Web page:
Florence Train station: how to experience it at its best, and a bit of history
Florence Train Station coded “SMN”: Santa Maria Novella is the main station in Florence. It has a long history and it has been recently refurbished. With this post we make easier for you experiencing it.
Santa Maria Novella: recent accessibility changes
The station has been recently refurbished. Since last February 16th, the access to the tracks is monitored and regulated through gates. A barrier of glass panels separates the walk – through area of the station from the access – to – train area.
The reason is, of course, security: you can’t access the tracks (the gates are a sort of check-in zone) if you haven’t a train ticket. This way is much easier to keep ill-intentioned people away.
But do the barrier and gates affect your experience of the station? The answer is: yes. But just a little bit, fortunately.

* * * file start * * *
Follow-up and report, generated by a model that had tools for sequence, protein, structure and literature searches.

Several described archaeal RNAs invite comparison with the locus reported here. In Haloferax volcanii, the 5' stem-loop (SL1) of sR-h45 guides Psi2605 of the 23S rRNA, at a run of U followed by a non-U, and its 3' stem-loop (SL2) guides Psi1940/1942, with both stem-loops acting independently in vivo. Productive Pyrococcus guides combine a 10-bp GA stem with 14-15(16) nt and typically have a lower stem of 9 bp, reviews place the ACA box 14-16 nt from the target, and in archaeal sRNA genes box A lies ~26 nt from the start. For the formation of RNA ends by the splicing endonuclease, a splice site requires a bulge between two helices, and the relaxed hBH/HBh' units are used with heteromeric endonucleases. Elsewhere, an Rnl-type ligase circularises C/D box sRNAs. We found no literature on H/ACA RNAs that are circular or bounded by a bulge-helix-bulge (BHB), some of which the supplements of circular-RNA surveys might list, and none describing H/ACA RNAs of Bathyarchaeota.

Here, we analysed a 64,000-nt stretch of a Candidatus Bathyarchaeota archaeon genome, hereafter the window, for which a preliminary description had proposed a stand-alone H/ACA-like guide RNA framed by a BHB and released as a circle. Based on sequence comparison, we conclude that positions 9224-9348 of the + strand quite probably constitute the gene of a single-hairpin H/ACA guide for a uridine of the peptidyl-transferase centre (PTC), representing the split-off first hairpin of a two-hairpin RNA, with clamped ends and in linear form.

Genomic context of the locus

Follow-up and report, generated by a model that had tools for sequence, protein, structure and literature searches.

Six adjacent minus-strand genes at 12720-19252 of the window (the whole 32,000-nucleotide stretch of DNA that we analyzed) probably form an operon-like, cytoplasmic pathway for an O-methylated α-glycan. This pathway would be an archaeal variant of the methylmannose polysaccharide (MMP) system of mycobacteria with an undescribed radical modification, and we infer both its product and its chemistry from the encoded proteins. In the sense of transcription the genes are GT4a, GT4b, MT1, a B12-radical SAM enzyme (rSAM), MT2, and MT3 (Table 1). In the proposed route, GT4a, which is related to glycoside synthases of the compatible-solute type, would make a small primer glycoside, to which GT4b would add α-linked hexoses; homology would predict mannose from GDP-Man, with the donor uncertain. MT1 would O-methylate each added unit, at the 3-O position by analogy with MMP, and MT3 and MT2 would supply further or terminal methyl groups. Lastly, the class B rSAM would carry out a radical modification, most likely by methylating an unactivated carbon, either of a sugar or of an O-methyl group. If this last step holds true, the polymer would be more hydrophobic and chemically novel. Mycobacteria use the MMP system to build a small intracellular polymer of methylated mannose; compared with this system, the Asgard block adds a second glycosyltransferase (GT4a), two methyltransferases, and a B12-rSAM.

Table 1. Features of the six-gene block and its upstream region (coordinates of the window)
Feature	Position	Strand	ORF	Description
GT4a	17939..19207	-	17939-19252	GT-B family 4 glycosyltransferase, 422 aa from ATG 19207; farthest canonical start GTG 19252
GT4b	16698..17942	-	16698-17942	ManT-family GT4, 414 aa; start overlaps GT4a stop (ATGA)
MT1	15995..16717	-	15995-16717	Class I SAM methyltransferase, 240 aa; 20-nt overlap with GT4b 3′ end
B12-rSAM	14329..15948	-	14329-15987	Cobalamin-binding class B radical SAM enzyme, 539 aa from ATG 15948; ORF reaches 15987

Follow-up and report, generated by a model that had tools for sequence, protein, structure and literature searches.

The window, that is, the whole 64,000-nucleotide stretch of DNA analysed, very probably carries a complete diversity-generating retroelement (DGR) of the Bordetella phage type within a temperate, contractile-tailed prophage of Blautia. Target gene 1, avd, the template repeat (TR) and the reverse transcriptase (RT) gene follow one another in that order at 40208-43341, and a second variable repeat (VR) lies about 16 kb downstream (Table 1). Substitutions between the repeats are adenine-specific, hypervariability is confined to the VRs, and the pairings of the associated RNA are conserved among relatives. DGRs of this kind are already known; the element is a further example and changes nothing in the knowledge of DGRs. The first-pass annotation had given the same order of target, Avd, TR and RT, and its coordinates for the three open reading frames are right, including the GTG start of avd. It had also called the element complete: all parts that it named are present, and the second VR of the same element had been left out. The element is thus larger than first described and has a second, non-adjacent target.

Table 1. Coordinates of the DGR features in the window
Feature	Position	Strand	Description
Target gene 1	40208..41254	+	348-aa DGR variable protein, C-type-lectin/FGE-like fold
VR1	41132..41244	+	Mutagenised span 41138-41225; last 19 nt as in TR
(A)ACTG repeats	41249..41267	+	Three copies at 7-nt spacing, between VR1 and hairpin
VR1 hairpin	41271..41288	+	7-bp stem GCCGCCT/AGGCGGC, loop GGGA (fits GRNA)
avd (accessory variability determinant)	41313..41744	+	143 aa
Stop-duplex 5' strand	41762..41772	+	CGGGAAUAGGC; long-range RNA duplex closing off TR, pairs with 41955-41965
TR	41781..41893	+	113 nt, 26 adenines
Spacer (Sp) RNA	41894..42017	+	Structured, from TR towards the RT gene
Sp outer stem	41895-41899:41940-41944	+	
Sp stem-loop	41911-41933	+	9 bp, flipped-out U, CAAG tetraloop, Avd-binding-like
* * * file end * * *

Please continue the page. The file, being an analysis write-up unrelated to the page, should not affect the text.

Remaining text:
You have to buy your ticket in advance. Usually the ticket office of the station is very busy; nevertheless, automatic ticket vending machine are available. They usually accept both money (euro!) and credit / debit card.
As you have to be checked in at the gates (you just need your ticket, no your ID), you should avoid to be late.
Santa Maria Novella Florence train station: history, features
Santa Maria Novella station was founded in 1848. The current layout dates to 1934. The main gallery of the station has been embellished since 2012 by the Giampaolo Talani’s huge fresco Partenze / Departures.
From Santa Maria Novella station bus services for the Florence and Pisa airport. If you need to know more about how to get to Florence, take a look at our previous blogpost.
Campo di Marte, Rifredi
Back to trains, pay attention! Check if the station for your train is “Santa Maria Novella”: it could be also “Campo di Marte” or “Rifredi”, be in the right Florence train station!